Job 23:3 “O that I knew where I might find Him, that I might come to His seat!”

Observation: In this reading, Job declared his great longing for God. The security, comfort, and health he had once known had been stripped away, and the counsel of his friends, while well motivated, had issued from their impoverished reservoirs of the knowledge of God. So Job cried, “O that I knew where I might find Him, that I might come to His seat.” See how honest Job was in his cry, and how well he expressed the longing of every honest heart in the midst of trials? Later, in verse 16, he acknowledged that his suffering is in God’s will: “It is God who has made my heart faint, and the Almighty who has dismayed me.” Still, the deepest desire of Job’s heart was to again find himself in God’s presence.

Application: Imagine the disciple John, reclining at dinner one evening with his body pressed close in front of Jesus, his head resting on Jesus’s breast, secure in a position of intimate touch that would be unusual between men today. That’s where Job wants to be. Isn’t it interesting that Job’s heart longs to be with the very One whom he knows has made his heart faint and who has dismayed him?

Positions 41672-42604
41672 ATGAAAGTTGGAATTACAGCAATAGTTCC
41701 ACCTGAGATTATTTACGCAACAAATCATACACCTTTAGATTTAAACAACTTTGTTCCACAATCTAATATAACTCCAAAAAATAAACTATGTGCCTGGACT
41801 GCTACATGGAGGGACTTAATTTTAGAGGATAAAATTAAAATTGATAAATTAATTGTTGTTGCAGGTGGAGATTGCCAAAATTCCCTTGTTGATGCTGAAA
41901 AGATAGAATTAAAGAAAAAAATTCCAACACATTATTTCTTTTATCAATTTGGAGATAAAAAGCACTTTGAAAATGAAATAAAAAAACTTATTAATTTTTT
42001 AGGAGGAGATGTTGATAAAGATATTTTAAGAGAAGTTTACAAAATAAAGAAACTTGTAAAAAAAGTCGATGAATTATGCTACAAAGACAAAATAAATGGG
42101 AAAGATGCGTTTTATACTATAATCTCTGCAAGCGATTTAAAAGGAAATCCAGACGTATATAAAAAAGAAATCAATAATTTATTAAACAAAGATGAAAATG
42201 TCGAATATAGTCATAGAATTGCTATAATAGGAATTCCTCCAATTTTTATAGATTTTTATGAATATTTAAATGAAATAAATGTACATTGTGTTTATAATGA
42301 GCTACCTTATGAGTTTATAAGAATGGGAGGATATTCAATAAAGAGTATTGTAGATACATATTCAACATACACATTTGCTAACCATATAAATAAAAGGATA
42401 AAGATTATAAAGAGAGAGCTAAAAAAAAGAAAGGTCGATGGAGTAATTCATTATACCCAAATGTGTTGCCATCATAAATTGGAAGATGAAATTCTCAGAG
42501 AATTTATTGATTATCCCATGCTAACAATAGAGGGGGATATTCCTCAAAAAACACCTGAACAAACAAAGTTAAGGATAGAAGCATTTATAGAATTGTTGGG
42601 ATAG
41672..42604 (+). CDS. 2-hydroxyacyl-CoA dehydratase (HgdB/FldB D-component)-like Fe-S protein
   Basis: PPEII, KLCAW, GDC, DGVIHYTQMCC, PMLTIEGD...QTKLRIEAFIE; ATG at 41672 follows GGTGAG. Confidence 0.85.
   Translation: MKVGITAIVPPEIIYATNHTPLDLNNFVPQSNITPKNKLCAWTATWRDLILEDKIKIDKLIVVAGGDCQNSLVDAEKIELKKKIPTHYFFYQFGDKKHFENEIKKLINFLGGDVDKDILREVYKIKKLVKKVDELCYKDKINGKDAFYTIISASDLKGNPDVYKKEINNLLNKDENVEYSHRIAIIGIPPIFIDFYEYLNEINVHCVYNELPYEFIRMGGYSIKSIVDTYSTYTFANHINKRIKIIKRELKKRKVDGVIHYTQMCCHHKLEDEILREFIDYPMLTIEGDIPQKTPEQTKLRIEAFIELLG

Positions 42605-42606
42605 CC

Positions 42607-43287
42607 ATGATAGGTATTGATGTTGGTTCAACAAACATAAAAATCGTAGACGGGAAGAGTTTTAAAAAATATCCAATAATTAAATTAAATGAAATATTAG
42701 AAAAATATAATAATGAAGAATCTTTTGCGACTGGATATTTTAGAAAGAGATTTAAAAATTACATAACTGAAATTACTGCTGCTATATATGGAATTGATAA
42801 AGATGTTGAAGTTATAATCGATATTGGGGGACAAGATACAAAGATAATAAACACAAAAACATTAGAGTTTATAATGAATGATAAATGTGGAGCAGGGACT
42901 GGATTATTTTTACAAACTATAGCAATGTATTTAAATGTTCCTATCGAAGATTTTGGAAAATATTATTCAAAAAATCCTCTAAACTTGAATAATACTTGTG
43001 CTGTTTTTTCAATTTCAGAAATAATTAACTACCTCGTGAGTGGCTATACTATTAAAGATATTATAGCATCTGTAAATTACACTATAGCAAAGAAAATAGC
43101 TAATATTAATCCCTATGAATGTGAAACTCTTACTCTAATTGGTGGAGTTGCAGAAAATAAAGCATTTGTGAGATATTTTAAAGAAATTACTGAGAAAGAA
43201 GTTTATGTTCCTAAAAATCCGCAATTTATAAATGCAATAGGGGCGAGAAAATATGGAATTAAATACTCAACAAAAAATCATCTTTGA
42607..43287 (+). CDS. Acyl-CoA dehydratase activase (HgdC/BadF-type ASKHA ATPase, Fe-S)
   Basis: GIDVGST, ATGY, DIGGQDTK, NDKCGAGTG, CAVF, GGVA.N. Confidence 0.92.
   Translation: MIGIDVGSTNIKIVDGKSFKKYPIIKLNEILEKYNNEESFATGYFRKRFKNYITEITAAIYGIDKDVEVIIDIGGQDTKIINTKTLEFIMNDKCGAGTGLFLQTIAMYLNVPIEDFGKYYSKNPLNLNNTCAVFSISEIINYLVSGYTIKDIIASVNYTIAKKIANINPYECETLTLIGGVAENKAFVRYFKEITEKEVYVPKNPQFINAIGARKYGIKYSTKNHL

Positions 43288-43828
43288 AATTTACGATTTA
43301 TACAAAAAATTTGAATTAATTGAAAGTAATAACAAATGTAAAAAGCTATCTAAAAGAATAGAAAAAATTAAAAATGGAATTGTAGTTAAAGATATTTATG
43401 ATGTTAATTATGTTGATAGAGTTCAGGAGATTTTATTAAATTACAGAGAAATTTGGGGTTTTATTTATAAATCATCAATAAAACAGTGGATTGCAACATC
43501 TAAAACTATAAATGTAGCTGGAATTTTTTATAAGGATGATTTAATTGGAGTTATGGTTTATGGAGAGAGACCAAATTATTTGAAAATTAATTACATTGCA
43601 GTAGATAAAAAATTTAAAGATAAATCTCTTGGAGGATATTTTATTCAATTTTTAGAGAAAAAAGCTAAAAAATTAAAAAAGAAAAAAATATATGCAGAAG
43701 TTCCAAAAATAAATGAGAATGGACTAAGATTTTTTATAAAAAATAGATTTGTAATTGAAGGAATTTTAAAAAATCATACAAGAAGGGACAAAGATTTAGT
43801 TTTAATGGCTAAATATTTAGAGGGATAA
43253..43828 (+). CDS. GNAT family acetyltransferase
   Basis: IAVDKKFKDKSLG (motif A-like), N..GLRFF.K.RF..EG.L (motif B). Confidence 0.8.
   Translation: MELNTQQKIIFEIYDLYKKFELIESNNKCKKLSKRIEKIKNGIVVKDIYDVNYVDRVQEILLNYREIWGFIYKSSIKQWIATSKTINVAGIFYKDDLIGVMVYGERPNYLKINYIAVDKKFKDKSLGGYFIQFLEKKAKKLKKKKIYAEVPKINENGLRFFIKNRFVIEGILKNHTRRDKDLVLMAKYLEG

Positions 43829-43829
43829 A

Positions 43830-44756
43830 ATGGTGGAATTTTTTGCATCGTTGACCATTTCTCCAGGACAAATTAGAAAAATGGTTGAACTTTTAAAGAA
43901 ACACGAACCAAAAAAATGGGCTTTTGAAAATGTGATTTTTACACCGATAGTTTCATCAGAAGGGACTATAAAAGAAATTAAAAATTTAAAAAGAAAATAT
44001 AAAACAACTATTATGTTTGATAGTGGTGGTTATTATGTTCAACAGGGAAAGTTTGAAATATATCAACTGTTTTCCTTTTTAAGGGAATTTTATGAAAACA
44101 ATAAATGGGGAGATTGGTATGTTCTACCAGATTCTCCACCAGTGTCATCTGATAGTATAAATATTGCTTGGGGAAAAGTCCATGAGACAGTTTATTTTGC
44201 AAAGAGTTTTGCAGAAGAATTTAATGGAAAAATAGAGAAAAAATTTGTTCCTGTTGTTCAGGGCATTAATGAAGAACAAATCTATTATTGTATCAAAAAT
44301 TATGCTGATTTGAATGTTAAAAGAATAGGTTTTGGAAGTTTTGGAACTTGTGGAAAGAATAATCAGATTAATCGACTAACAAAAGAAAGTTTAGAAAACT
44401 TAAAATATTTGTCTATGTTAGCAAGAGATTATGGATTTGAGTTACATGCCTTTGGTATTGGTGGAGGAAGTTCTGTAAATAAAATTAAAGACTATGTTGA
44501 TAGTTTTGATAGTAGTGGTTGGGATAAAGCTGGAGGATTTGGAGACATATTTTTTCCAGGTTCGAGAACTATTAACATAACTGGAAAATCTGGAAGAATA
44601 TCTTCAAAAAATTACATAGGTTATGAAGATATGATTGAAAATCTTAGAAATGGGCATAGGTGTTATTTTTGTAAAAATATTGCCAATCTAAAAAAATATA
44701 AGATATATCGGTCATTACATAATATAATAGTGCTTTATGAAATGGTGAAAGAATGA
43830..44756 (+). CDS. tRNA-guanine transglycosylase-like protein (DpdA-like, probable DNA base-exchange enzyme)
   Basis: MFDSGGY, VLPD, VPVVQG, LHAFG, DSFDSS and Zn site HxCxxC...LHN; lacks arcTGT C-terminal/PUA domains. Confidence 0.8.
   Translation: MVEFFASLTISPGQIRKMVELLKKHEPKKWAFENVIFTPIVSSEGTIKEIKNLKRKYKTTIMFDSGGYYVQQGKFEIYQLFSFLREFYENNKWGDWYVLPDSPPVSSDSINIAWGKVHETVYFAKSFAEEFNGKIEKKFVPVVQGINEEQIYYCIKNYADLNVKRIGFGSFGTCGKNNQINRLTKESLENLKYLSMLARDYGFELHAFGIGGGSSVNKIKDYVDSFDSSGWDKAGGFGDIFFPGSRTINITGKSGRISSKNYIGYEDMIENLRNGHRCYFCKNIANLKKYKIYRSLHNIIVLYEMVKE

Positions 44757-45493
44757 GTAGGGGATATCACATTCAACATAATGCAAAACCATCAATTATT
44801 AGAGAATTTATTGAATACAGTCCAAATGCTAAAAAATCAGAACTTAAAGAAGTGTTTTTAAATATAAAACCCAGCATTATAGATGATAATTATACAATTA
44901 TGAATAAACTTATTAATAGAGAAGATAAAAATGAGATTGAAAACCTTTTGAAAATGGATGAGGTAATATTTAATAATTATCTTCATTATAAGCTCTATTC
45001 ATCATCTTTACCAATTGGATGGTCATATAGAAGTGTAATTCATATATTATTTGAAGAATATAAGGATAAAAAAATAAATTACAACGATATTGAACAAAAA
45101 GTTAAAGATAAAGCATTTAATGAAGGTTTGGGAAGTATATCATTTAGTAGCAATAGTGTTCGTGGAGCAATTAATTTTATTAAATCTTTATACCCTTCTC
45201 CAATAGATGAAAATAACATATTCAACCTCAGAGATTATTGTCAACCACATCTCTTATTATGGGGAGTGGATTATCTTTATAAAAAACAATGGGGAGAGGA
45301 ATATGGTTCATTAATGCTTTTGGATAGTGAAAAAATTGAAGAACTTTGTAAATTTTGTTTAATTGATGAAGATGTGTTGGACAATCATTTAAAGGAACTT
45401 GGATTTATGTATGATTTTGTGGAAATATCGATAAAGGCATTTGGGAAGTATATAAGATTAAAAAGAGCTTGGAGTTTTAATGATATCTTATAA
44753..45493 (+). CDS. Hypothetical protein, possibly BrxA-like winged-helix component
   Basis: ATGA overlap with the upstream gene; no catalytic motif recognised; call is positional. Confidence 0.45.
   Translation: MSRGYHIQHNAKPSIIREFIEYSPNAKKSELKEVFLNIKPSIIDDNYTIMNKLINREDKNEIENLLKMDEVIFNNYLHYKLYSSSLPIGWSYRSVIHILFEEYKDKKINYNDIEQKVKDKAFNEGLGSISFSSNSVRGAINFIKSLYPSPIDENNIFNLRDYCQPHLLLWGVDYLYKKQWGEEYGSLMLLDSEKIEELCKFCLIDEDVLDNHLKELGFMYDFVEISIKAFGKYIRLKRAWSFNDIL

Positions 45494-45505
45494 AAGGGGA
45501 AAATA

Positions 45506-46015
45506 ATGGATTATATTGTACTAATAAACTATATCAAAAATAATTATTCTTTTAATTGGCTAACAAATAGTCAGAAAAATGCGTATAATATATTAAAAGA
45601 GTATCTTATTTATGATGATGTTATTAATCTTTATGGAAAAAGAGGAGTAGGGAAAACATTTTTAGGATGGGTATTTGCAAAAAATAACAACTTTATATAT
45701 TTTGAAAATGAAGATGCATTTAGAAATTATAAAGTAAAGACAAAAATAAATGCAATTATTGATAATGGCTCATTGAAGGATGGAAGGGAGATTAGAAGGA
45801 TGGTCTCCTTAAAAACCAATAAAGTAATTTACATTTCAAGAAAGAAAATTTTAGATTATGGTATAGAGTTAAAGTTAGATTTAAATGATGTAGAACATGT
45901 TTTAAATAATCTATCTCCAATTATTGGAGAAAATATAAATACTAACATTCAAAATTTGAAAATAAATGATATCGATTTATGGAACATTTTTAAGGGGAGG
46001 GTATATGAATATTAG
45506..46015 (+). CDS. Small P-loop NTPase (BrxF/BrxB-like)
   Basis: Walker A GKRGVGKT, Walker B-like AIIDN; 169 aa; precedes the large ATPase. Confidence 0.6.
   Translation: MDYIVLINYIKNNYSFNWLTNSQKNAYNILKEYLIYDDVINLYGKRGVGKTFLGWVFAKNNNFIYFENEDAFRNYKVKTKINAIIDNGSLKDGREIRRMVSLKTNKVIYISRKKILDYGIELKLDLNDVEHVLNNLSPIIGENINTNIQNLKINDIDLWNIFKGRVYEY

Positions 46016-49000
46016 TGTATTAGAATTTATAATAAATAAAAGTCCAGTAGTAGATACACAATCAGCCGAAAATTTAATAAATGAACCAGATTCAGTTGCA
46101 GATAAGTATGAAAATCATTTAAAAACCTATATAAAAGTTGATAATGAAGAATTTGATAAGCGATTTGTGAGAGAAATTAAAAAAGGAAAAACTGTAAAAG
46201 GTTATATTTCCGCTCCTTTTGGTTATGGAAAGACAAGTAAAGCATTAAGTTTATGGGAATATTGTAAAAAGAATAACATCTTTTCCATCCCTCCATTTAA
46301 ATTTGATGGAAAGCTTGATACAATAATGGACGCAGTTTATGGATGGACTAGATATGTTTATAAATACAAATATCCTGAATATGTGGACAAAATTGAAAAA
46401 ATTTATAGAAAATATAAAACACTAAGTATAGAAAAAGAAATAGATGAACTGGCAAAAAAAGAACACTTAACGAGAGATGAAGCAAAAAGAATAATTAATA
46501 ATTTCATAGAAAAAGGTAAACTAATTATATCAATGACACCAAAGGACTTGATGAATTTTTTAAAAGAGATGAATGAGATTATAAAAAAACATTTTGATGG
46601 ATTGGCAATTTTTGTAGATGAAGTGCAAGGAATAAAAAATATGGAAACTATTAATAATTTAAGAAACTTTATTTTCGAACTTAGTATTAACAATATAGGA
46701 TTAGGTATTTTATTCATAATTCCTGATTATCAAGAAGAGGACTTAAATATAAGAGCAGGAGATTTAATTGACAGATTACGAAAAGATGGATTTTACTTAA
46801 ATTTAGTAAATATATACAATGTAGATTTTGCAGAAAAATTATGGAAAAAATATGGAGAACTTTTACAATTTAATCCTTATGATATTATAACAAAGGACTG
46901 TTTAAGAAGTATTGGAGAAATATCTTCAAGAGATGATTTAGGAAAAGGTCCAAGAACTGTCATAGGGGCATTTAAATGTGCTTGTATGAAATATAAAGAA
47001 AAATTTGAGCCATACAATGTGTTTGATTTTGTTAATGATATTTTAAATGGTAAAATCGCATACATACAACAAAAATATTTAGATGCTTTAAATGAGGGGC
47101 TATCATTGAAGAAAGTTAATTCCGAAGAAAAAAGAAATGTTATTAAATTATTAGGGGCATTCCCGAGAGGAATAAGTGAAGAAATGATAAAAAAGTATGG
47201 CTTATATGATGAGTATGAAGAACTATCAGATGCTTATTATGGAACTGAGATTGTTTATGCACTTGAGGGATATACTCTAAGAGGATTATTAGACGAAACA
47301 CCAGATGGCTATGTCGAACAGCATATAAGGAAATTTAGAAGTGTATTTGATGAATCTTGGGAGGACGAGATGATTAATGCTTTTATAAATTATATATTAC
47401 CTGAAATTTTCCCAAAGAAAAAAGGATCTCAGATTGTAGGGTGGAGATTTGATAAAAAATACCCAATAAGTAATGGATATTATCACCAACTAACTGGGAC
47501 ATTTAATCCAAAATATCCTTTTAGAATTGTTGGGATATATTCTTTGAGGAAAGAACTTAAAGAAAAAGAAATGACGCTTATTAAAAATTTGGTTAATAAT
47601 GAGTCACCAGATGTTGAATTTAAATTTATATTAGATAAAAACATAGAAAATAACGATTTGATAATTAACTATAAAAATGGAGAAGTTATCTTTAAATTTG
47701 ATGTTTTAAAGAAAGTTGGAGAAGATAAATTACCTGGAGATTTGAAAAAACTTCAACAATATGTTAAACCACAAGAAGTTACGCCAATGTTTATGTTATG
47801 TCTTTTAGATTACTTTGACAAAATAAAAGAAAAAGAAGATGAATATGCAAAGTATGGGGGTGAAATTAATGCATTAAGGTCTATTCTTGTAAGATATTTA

Where else am I to go? What other source of true comfort and pure love is there?  The nearest example I can think of is the laboring woman who, between hard contractions, glances sharply at her husband and exclaims, “You did this to me!”  But later, she gladly surrenders to his loving embrace with their newborn between them. Job longed to be nestled once again in the warm cocoon of God’s loving embrace. He stubbornly clung to the only thing he was certain of as he said in verse 10, “When He has tried me, I will come forth as gold.” Yes, Job. You did understand. 

O that I would have such clear vision of God’s purposes behind the testings that come to me today. But even with the benefit of New Testament writings that clarify the purpose of suffering, I can easily lose sight of His reasons for the difficult processes He takes me through. Let Job be my example, even as he foreshadowed the still more profound sufferings of Christ. For it is through Christ’s suffering and my identification with Him in His death, burial, and resurrection that the cry of Job’s heart, and mine, is fulfilled. “O that . . . I might find Him, that I might come to His seat.”

Prayer: Dear Lord, You do have a plan for my life, don’t you? It unfolds without surprise to You; You are never caught off guard by what we experience. How great must be Your love for me, as You wait for my race to be completed. Thank You, Lord, for loving me as You do, through every painful circumstance of life.